Imagine this: a group of settlers and a group of Indigenous people are beginning to trade – the Indigenous people offering beaver pelts or otter pelts to settlers in exchange for things like copper kettles and cloth blankets. When that act of trading comes to an end, the settlers would say “thank you,” and they assumed that what the Indigenous people said in their language also meant “thank you.” But when the Indigenous people said “miigwech,” what they were actually saying was “it is enough.” In other words, you don’t need to give me more. But settlers mistakenly assumed it meant “thank you,” and that’s how it continues to be used now.  

But all this also raises another question. If “miigwech” doesn’t mean “thank you” in Anishinaabemowin, then what word does? And the answer is, there isn’t one.  

TH: And what does that say about the Anishinaabe culture? 

LW: Well, I think it means that something can be given without a need for an acknowledgement in return. You just give or share. And when you receive something from someone else, you don’t take more than you need – “miigwech” – “it is enough.” That happened on a much bigger scale, too. When the settlers came it was difficult and the conditions were harsh. They needed food and they needed to know more about the land in order forage and hunt for what was needed. And they encountered people who were willing to give and share what the land offered. They called this “mashkaki,” which means “the strength of the earth.” The strength of the earth belongs to the earth, not to any one person or group of people. It’s not “mine” or “yours.” We share and take only what we need. We stop when it is enough – miigwech.  

So miigwech has a spiritual aspect: you give without expecting anything in return and with no sense of indebtedness or reason to exalt another in any way above you. This is how we can respect the sanctity and the dignity of equal relations: we are peers in life.  So, next time you say this word, “miigwech,” bring back the cultural origin. For me, it brings me back to my own relations, those people from the past. In the time of the first contacts, there was a misunderstanding about a word, about “miigwech,” because the cultures had different assumptions, different values. And now we are being asked whether 400 years after that first contact if we can get a better understanding of one another once again. 

So, to get back to your question about what do I say to people who are eager to do the work of indigenization? I say that we have stuff to share. If you want to hear it. 

TH: My instinct is to thank you for your sharing, but what I’m learning is that the sharing itself is enough. The thanking happened before we started, with the offering of tobacco. This is less … extractive, I guess, and a better way to share, 400 years later, than we did at contact.  I have a question for you now about interdisciplinarity, because I noticed on your CV that some of the listed lectures were like, the full-on literary canon, like they were total dead, white, male British authors. And then you switched gears and you started working on what might be called a literary history of scientific knowledge.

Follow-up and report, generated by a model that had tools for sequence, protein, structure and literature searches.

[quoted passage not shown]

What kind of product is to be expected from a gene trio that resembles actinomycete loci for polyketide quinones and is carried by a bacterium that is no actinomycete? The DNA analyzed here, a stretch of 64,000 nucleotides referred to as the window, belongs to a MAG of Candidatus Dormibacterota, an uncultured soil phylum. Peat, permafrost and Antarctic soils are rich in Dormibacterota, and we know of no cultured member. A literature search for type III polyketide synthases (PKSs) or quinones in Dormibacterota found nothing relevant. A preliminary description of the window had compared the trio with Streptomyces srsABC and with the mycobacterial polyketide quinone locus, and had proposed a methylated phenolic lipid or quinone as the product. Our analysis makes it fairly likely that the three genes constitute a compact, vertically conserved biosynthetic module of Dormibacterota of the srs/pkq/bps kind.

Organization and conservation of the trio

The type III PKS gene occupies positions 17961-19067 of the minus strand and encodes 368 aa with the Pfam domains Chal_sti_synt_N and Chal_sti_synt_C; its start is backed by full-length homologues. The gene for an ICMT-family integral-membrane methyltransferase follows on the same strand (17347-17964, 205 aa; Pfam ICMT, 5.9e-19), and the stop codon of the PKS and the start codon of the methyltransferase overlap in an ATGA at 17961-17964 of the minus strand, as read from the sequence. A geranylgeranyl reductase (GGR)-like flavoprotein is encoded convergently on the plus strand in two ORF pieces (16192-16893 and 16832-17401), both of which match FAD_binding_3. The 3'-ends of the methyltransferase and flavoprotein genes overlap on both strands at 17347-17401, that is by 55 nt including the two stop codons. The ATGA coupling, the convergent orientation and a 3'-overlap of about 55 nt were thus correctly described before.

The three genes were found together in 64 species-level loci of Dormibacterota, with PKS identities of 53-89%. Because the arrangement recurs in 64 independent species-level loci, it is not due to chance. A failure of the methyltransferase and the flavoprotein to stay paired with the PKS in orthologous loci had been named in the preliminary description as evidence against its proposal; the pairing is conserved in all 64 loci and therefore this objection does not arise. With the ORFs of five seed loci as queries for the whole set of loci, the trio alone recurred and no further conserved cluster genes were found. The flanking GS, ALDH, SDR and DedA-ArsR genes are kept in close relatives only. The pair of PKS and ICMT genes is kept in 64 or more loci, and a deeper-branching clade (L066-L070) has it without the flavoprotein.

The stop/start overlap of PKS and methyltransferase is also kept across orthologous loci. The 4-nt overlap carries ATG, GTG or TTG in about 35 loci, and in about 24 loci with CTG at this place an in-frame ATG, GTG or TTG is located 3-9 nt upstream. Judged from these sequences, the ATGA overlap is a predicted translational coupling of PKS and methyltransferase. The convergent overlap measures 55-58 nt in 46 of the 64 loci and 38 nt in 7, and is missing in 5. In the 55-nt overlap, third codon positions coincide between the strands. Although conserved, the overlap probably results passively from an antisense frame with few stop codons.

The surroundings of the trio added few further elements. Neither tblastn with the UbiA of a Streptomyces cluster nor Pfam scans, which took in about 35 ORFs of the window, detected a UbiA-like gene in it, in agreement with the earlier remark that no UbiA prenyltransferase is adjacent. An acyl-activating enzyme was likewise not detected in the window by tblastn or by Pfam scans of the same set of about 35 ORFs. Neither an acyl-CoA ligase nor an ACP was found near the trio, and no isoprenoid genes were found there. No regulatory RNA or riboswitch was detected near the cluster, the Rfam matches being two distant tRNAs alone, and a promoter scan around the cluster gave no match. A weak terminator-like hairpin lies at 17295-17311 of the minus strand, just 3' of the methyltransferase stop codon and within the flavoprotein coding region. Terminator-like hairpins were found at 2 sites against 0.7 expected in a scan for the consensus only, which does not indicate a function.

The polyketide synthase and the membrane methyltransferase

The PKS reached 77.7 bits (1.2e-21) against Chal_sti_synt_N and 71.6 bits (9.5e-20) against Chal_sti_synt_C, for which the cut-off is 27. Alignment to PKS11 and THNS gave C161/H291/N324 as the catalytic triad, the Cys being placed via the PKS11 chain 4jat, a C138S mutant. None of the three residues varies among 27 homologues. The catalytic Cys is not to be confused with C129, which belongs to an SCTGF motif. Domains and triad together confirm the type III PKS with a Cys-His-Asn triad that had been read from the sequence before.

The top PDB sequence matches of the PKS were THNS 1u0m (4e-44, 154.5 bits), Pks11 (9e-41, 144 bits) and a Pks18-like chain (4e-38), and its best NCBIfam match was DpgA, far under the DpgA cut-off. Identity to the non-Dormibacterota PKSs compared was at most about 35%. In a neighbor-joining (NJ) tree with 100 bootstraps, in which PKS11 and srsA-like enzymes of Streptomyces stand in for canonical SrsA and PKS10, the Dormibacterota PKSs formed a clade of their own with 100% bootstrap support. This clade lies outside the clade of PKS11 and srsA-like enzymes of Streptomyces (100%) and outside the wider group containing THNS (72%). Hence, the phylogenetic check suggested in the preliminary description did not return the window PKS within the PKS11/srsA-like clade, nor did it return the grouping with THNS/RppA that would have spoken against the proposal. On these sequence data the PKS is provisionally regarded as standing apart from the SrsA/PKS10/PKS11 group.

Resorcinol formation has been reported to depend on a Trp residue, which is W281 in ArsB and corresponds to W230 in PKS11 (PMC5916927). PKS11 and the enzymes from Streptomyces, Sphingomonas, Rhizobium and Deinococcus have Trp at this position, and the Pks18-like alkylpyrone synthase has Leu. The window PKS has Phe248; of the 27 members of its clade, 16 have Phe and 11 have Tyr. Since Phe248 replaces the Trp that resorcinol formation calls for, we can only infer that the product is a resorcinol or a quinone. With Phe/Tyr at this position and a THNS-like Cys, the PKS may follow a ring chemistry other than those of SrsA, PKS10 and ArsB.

LW: Yes, I entered into my graduate studies with one question top of mind: why do I feel such a disconnect from nature? Both sides of my heritage were deeply connected to nature. My ancestors on my dad’s side were all farmers, going way back to before they left England. They tilled the land and grew food and knew how to look after seeds and plants. And the ancestors on my mom’s side were all Métis and they knew how to hunt, fish, and forage. And so here I'm coming from two lines of people who have so much knowledge about how to survive and thrive survive in what we would now call now sustainable way. So as I began my PhD my main question was, Why am I not the inheritor of that knowledge? Why don't I know anything? Why do I feel so disconnected from my environment? 

That question led me back to my Indigenous roots but also back to the oldest works of English literature. In a meeting with an Elder who was teaching me in my Masters, he asked me, “Why don’t you know your stories?” At the time, I thought he meant my settler stories, but by learning my settler roots, I was also being led to my Indigenous ones. Over time I studied the literary canon. I'm an early modernist, so I started reading basically in the sixteenth and seventeenth centuries and worked backwards to classical literature. What I found, with the guidance of my professors who were on the cutting edge of thinking about decolonizing, was more colonizers. When I went back into Roman and Greek literature, I found colonizers and their colonizing worldview and culture. After reading in that classical vein for years, I moved into reading the earliest works of English literature like Bede’s Ecclesiastical History and I found the way that the Roman juggernaut met the ecclesiastical law of Catholicism and its mandate for conversion of pagan nations. After that, I started to learn about travel narratives, discovery narrative, the Doctrine of Discovery and how it all shifted the way people in England thought. That was the best thing that I found inside of my PhD. As I learned about it, I began teaching from that perspective and that's how and why I started to really love teaching.

I feel like the teaching I do is way more important than anything I've written in a research project, because teaching is about the way you share with another. My research project is on early empiricism in scientific method and how the scientific method, when it began in the 1500s, was actually an amalgam of arts and sciences. Proto-science before it split into discrete disciplines was alchemy, chemistry, astrology, poetry, folklore, botany, fine art. It was all thought of as natural history, which was the beginning of science. And so in my dissertation I consider how natural history influenced poetry in England.  

TH: What's one thing that you hope for Waterloo's teaching and learning landscape in the next three to five years? 

LW: That it changes. That it changes in a way that Indigenous students can come to this space and see themselves here.  


More information about Indigenization is available at Waterloo's Office of Indigenous Relations